Ronja: at 10 Mbps, the next stage in wireless mesh networking?
by Andy Oram
But WiFi has 1990s bandwidth; you'll be frustrated trying to download your daughter's video. WiMAX can break the bandwidth barrier, but it's a costly, centralized technology that has to be rolled out by large institutions. Fiber is even more of a long-range investment, and requires labor-intensive installation.
The promise of Ronja is mesh technology that can deliver 10 Mbps and can be built by an amateur in his or her own home for $100 per unit. The specs are all open-source. Where costs or regulations delay the stringing of cable or fiber, this technology could quickly bring neighborhoods into the twenty-first century in terms of bandwidth and universal service. Applications such as interactive video teleconferencing and remote application access with large remote data storage become immediate possibilities.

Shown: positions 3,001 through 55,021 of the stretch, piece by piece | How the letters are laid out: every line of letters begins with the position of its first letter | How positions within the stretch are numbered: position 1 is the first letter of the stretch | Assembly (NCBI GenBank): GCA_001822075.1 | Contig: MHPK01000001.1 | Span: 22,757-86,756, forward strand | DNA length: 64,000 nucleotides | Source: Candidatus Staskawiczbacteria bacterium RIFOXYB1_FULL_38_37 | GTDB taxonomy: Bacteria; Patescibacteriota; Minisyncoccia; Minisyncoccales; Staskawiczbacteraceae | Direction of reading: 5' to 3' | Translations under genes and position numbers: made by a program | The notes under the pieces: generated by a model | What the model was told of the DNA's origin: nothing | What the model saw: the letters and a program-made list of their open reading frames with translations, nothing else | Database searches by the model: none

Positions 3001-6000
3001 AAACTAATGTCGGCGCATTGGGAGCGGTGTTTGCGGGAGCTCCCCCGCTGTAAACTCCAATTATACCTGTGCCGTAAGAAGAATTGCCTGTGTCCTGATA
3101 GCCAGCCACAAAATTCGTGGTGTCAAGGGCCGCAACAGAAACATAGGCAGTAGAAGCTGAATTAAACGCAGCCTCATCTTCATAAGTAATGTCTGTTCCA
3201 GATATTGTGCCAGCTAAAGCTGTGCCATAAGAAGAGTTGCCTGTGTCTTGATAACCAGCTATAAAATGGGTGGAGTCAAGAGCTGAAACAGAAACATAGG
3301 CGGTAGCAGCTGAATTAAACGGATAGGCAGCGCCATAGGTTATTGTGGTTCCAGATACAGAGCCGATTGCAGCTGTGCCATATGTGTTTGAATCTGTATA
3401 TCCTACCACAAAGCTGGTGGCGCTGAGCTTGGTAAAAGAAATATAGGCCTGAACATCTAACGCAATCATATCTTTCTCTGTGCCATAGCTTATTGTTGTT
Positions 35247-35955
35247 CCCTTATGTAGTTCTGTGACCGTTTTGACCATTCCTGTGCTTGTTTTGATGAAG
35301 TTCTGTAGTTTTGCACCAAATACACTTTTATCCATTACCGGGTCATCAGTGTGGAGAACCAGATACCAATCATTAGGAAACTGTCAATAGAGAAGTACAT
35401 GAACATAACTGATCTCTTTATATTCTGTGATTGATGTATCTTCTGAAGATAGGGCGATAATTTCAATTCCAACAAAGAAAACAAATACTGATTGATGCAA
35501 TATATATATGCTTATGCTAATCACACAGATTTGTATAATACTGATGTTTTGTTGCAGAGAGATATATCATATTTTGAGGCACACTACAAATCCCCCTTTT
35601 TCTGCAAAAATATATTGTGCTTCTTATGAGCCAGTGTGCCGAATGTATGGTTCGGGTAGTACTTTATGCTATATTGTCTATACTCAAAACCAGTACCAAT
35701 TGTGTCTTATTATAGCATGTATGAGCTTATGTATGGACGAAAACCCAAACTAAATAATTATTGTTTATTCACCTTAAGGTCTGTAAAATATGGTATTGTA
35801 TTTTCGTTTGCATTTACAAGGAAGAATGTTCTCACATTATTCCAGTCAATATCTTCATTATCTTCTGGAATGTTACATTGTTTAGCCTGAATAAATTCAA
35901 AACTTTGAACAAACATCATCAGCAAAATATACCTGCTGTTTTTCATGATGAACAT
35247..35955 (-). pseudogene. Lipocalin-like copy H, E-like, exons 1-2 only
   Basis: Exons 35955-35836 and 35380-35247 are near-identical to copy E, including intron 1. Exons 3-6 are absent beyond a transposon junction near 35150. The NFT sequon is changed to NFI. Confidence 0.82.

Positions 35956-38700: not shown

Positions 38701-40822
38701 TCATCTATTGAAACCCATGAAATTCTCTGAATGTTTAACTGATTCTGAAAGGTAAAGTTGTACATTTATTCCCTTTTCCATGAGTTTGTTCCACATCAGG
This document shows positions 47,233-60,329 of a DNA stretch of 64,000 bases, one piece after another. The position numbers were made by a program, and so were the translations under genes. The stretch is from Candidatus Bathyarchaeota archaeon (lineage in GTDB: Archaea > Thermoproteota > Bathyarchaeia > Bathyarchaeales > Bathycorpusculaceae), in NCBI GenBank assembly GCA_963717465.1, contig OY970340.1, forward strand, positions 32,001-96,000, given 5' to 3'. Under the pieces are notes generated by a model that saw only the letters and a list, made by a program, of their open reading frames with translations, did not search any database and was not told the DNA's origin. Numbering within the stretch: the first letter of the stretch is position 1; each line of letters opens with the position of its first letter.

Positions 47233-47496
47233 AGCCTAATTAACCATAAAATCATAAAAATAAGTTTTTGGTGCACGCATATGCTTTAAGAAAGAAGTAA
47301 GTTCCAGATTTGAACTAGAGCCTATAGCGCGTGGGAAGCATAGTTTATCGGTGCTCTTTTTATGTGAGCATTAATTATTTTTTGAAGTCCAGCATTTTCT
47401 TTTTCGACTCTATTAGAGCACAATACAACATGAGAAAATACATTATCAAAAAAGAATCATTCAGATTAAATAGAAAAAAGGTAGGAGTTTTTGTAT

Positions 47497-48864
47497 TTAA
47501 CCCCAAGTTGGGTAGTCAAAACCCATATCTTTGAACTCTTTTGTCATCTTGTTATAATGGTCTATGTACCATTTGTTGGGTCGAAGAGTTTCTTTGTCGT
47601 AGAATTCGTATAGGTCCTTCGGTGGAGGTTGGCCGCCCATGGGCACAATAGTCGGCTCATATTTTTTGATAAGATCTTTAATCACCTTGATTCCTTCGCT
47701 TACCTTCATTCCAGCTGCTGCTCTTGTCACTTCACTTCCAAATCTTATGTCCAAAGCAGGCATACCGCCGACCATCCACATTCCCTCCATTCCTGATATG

With all due respect, I'd have more confidence in this project if they were able to build a web page I could read. Black text on a dark red background?
|Yes, there are some environments that aren't good for line-of-sight. In general, I was imagining a three-layer architecture of fiber to some central point, a mesh network of light-range devices for the next hop, and then WiFi to reach every user.|
|Mr. Moshe, i think you got it all wrong, the fact that you live in a hole doesn't mean that this device, which is actually quite far from being called a "gizmo", is not a very clever technology re-appropiation. One should see that the price of the final product is very low and the generosity of the developers is inmensily high. respect to the ronja krew! :P|